The 1977 California Trip: We left a few things in San Francisco

The 1977 California Trip: We left a few things in San Francisco

Not our hearts.

It was the summer of 1977 and we had plans. Plans to hit the road again for a vacation down California way.

Instead of flying this time we took our orange Arrow. With me driving of course.

We made the trip in stages, stopping the first night at the Mallory Hotel in Portland OR. We didn’t see much of the city. It was dark out, and on our quest to find a place to eat, we settled on a familiar name – Benihana’s Japanese restaurant. So that section of Portland and whatever was viewable from the off ramp to the hotel and the streets to get back onto I-5 were all we saw of the city.

We made good time from Portland through the rest of Oregon and into Northern California. We reached Vacaville in time for lunch at a restaurant in an olive orchard. My wife remembered this particular restaurant/tourist spot from a family vacation when she was growing up. She carries with her the memory of her dad grimacing when sampling a rather green olive. This time around she was the one grimacing – over my choice from the menu – gazpacho. I guess the thought of cold tomato soup put her teeth on edge. I thought it wonderful (the soup, not the fact that it made her grimace).

From Vacaville we made our way down to San Pablo Bay, skirted around towards San Rafael, and crossed the Golden Gate Bridge to our next destination – San Francisco. We checked into a motel somewhere along route 1, unloaded our luggage (except a couple of items) and went in search of dinner.

The Hyatt Regency at the Embarcadero Center was only four years old at the time, and a prime night spot. It had a revolving restaurant, the Equinox, on the top of its tower. We parked the Arrow a few blocks away up on Market Street, and were mesmerized by the impressive lobby of the hotel (like being in the interior of a pyramid) which we passed through on the way to the restaurant. [My wife is a great disaster movie fan, and shots of this particular lobby were recognizable, as it had been used in The Towering Inferno, three years before.]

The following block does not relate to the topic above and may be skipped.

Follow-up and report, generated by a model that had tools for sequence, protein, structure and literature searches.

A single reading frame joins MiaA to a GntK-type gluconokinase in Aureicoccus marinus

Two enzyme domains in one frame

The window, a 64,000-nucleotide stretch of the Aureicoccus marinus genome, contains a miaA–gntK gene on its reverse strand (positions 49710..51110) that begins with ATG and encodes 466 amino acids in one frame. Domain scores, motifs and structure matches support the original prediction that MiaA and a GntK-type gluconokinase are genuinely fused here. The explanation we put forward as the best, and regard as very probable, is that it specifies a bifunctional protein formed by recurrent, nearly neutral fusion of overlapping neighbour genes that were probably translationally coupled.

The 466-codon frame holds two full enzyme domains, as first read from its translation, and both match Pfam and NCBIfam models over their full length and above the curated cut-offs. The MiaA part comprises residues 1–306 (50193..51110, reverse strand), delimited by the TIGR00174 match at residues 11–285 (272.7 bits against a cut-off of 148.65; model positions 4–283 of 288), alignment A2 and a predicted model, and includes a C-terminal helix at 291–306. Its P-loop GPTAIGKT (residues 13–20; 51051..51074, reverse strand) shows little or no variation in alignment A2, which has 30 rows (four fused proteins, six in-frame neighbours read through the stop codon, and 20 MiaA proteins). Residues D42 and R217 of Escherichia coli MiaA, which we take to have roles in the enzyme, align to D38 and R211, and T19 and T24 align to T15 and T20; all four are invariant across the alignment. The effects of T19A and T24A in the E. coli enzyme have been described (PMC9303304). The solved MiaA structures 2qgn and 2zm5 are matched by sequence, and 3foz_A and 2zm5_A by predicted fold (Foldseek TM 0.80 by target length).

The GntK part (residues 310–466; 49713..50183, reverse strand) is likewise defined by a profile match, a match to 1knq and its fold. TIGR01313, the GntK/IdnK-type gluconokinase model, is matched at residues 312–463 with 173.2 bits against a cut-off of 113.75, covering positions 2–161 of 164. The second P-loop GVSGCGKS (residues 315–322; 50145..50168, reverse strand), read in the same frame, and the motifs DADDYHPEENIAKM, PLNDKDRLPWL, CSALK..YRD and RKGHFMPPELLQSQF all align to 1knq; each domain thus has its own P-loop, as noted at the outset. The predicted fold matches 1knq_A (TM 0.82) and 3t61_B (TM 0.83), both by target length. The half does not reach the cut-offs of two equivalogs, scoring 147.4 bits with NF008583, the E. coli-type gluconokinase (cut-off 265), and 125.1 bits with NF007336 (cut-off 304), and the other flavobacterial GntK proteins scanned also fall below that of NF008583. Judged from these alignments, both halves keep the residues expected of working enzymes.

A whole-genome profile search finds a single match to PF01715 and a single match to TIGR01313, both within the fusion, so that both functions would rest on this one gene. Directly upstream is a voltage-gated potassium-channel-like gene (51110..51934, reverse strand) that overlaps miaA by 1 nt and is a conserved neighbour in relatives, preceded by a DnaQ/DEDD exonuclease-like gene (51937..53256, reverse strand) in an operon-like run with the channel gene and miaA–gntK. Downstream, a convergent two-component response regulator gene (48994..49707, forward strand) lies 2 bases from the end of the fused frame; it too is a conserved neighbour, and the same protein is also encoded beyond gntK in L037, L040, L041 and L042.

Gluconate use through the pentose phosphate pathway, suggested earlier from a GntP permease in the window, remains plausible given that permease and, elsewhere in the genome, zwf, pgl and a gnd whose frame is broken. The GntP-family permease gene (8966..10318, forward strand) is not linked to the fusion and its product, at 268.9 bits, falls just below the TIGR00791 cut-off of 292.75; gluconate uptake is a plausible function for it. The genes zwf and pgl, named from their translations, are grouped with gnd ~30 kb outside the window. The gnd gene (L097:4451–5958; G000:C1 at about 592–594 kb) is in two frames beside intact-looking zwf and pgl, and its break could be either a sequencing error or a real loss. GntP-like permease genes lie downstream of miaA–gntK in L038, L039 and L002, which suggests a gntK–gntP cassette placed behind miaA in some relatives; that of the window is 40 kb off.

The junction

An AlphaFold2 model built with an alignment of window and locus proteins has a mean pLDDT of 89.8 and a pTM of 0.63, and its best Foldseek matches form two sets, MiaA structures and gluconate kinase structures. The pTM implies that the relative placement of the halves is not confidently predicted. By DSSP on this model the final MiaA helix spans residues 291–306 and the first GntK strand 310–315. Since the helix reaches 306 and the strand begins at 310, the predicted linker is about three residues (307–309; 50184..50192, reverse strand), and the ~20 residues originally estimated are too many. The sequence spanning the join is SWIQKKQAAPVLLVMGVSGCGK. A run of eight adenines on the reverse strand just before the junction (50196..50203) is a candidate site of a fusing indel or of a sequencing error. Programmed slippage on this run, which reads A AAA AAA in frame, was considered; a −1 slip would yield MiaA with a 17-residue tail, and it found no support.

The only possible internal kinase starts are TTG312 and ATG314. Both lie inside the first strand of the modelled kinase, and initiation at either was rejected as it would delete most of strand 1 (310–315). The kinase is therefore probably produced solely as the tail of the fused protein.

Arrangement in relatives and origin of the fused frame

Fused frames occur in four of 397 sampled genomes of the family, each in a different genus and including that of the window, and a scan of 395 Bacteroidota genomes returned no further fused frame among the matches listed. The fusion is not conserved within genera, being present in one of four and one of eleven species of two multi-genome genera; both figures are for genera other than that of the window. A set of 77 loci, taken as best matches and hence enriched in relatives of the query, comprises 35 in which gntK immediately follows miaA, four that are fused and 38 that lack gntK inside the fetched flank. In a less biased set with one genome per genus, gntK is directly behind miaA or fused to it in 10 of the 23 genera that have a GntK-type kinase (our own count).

We had a enjoyable meal. I can tell you that much, but don’t ask what it was, for what happened next completely overshadowed all else.

We each had had an adult beveridge with our meal, so we were a little fuzzy as we walked up Market to our parked car. We were puzzled by the sight of a loaf of bread sitting on the sidewalk beside the Arrow. My wife wondered out loud why our groceries were outside the car. We didn’t notice the broken glass under the bread, and were slow to realize that our car had been broken into and robbed.

We found a phone and called the cops. After giving them the rundown on our plight, they informed us that they could not come out to the scene of the crime, but if we wanted to come in to fill out a report we were welcome to.

We followed their directions to a small precinct house further uptown and made our report. Besides our groceries we were missing a couple other items: an 8mm Bell & Howell movie camera and dirty laundry in a paper sack. Sometime in the midst of this ordeal I asked urgently if they had a restroom. This sent me on another surreal sidetrack, as they had no public facility and referred me next door to a seedy bar/nightclub. I felt I was sleep walking through the rest of our time there. It was real “trippy.”

The next day was a Sunday and the memory of what transpired is all a hazy black cloud. Reality was settling in. Was our vacation over before it had begun? We needed a replacement for that backseat side window and where would we find one?

We had to wait until Monday. That’s when we raised a Chrysler dealorship, but they did not have that part in stock. Nor did any of the auto glass companies. Hope was offered, in that they could order it in – but it would take a couple of days. Desperate to save our vacation, I asked if there was something we could substitute, say something plastic. That set a light bulb off in the imagination of the auto glass specialist, and he referred us to a shop that dealt in plexiglass. On parting he suggested that we tell them to use the other window as a template to cut a replacement.